Joe Haldeman is a Vietnam veteran whose classic novels The Forever War and Forever Peace both have the rare honor of winning the Hugo and Nebula Awards. He has served twice as president of the Science Fiction Writers of America and is currently an adjunct professor teaching writing at the Massachusetts Institute of Technology.
In the course of taking measurements during an experiment in quantum physics, research assistant Matt Fuller loses his calibrator, only to have it reappear one second later-after an apparent trip in time. Matt goes on to develop a time machine but finds that claiming to have done so costs more than he anticipates: his job, his girlfriend, and, possibly, his freedom. So he jumps further forward in time and begins a one-way journey into the future, searching for a solution to his problems. Winner of both the Hugo and the Nebula awards, veteran sf author Haldeman (The Forever War; Forever Peace) delivers a succinct cautionary fable while ultimately spinning a humorously thought-provoking tall tale. A good choice for most libraries. Copyright 2007 Reed Business Information.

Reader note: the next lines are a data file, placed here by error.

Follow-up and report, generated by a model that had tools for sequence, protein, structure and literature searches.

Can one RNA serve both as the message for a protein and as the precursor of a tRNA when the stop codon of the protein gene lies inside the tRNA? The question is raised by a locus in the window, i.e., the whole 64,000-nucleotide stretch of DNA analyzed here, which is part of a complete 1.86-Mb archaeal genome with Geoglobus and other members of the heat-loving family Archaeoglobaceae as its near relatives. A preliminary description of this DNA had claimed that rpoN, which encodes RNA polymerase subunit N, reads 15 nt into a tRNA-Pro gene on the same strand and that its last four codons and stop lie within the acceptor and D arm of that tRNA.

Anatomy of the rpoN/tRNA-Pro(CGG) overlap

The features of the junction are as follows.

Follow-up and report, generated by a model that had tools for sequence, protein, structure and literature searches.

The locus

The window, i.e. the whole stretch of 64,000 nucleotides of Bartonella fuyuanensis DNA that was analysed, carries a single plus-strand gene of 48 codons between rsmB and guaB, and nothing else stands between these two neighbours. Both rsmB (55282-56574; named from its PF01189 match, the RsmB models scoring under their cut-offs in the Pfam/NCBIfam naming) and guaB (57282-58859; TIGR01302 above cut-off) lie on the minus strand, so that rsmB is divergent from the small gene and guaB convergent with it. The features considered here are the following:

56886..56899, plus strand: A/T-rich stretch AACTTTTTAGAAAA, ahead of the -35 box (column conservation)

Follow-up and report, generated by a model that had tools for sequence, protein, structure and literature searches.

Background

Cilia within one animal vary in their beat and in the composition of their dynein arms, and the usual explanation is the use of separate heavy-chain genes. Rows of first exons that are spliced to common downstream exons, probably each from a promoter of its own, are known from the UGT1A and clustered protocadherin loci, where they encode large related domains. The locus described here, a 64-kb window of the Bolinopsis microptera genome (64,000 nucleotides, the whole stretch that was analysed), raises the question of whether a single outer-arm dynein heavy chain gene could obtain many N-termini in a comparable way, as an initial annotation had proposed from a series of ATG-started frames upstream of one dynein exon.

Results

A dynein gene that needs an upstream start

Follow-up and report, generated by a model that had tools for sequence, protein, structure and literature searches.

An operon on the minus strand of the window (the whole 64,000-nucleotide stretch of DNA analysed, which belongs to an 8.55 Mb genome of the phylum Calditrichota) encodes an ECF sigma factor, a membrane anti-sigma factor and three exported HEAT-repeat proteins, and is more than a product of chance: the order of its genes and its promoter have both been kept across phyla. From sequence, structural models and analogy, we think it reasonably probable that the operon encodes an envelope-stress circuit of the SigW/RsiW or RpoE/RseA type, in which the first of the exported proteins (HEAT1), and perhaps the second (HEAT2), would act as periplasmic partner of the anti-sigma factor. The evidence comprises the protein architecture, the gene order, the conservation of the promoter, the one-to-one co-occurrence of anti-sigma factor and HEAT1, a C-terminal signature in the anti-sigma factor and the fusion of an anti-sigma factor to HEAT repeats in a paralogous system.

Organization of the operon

Hugo-winner Haldeman's skillful writing makes this unusually thoughtful and picaresque tale shine. Matt Fuller, a likable underachiever stuck as a lab assistant at a near-future MIT, is startled when the calibrator he built begins disappearing and reappearing, jumping forward in time for progressively longer intervals. Curiosity and some unfortunate accidents send Matt through a series of vividly described, wryly imagined futures where he gradually becomes more adaptable and resourceful as experiences hone his character. The young woman he rescues from a techno-religious dictatorship gives him a chance at a mature relationship, while teaming up with an AI that intends to press on to the end of time forces him to decide what he wants from life. Rather than being a riff on H.G. Wells's The Time Machine, this novel is closer in tone to Neil Gaiman's Anansi Boys, another charming yarn about a young man who's forced out of a boring rut. Producing prose that feels this effortless must be hard work, but Haldeman (Camouflage) never breaks a sweat. (Aug.) Copyright 2007 Reed Business Information.